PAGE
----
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Benefits of recycling championed during awareness week

Published 17th October, 2018 by Neil Nixon

Benefits of recycling championed during awareness week

Results from a comparison beach cleaning and litter surveying programme by Cromwell Polythene as part of its 35th anniversary activity and to mark last month’s Recycle Week indicate levels of seaside rubbish have decreased.

This follow up to similar research conducted by Cromwell Polythene during last year’s Recycle Week shows reduced levels of waste across most material streams. The only increases compared to last year’s results were for paper/cardboard, and metal which both multiplied significantly, and medical waste.

Waste items that reach the ocean are a threat to the marine environment. Levels of litter were recorded across the same predefined items as last year’s survey, across 11 types: plastic/polystyrene, rubber, cloth, paper and cardboard, wood (machined), metal, glass, pottery/ceramics, sanitary waste, medical waste, and faeces.

The Cromwell Polythene team, which supplies a range of polythene products to aid recycling, celebrated its 35th anniversary on 1 October. To mark this milestone, 23 staff joined Great British Beach Clean organisers, the Marine Conservation Society and volunteers from the Yorkshire Wildlife Trust’s Living Seas Centre, to collect and record litter found on their local Filey beach on the North Yorkshire coast and raise awareness of sustainability.

James Lee, managing director of Cromwell Polythene, said: “It’s very encouraging that levels of waste materials have decreased across the same stretch of beach compared to results from our previous year’s analysis. What is also clear is that it’s not just plastic packaging washing up on the beaches and I’m pleased to see a decrease in plastic waste. Brought into public focus though ‘Blue Planet 2’, people are becoming more aware of the impact of rubbish in our oceans. The reduction in littering may be down to more people taking part in organised litter picks due to increased awareness of marine pollution.Measures like the expansion of recycling initiatives in public spaces can also help encourage people to recycle on the go.”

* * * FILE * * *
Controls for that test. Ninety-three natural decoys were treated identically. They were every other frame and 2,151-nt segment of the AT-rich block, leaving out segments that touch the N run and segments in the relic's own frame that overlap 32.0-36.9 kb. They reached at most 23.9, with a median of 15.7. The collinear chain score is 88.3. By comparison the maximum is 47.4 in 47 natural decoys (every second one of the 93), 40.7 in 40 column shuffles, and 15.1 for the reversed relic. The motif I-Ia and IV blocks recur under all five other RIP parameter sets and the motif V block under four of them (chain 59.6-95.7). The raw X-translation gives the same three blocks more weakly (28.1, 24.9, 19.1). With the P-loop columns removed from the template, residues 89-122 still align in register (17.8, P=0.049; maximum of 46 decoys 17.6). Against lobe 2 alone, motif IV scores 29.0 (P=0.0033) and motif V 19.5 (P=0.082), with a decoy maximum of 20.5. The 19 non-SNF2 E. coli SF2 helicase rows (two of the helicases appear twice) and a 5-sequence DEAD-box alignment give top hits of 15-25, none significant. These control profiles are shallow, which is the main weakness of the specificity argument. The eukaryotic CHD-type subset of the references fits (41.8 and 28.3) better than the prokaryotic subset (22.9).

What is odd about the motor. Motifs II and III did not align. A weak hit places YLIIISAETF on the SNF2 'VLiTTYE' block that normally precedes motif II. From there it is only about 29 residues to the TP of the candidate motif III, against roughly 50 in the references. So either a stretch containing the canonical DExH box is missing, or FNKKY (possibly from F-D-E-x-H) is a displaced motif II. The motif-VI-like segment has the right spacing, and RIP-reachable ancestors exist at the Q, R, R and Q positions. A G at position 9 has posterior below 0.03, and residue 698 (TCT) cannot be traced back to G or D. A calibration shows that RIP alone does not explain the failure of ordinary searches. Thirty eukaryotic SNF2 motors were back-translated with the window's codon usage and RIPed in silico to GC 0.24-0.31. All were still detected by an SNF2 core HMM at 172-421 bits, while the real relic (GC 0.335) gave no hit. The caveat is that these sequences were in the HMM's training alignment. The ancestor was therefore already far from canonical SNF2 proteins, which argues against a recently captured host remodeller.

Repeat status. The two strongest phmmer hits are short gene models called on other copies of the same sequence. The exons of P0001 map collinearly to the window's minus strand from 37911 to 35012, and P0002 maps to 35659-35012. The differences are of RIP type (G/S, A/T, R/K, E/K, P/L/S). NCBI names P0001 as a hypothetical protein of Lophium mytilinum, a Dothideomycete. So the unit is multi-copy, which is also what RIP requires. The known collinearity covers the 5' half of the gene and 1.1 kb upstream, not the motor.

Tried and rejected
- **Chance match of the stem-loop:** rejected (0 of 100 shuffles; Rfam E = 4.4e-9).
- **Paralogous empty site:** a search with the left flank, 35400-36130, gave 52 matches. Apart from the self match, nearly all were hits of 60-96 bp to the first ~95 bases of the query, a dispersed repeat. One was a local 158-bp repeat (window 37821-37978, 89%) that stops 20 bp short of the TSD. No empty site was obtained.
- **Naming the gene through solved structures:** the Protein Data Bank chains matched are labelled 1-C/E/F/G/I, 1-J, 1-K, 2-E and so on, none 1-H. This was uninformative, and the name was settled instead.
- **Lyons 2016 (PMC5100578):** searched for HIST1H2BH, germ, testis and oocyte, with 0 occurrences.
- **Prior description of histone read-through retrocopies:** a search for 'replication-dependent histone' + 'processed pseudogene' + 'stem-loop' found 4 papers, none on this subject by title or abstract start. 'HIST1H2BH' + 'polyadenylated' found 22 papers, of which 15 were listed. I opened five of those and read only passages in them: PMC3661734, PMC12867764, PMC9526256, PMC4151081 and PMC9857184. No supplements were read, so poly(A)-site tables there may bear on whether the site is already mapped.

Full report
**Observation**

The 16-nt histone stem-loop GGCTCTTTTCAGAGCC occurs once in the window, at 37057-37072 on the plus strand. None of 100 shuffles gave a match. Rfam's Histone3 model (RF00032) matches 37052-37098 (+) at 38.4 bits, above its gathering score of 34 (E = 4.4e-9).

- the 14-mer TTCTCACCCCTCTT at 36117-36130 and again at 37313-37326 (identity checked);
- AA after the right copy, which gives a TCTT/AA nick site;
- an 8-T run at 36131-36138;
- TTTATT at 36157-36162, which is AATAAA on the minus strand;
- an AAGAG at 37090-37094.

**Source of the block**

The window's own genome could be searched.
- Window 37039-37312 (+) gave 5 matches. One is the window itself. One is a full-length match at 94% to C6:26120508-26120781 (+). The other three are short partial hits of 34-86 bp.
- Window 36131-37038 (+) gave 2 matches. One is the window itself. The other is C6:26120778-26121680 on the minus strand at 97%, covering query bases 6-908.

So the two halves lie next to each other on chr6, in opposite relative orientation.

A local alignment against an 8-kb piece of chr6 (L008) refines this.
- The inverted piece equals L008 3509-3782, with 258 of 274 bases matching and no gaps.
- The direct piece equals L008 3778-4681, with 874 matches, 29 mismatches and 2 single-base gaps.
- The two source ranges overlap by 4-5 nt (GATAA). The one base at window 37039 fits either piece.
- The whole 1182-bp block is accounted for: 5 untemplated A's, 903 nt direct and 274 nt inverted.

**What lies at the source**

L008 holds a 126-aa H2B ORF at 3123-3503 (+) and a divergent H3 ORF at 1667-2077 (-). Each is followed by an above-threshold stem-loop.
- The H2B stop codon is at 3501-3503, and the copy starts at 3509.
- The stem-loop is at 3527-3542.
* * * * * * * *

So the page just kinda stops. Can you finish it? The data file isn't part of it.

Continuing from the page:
Results from this year’s collection, conducted over two sections of 100 metre radius each of local beaches showed the following results compared to the 2017 programme:

· A 6% decrease in plastic/polythene - items included drinks bottles, cups, fishing net, string, and crisp packets. No plastic bags were recovered in either year but small plastic pieces were removed.

· An 84% drop in rubber items - only two bits of balloon and a ball were found.

· A 25% decrease in cloth - clothing, shoes and towels were found.

· A 370% increase in paper/cardboard materials.

· A 58% decrease in wood materials - lolly sticks and chip forks were still found.

· The number of metal items found doubled this year including drink cans and foil wrappers, wire and fishing weights/hooks and lures.

· Glass waste decreased by 30% but discarded bottles were found.

· Pottery found decreased by 16% but broken tiles were found.

· Sanitary items decreased by 25%, with wet wipes and sanitary towels found.

· Medical related waste consisted of 2 plasters, which weren’t found last year.

· And last but not least… 4 bags of dog faeces - the same figure as last year!

Wider annual figures indicate this is just the tip of the iceberg. In total, statistics from The Marine Conservation’s Great British Beach Clean 2017 removed 255,209 pieces of litter from 339 beaches, making 718 pieces of rubbish for every 100m stretch of beach cleaned.

To get involved in the annual Great British Beach Clean visit:

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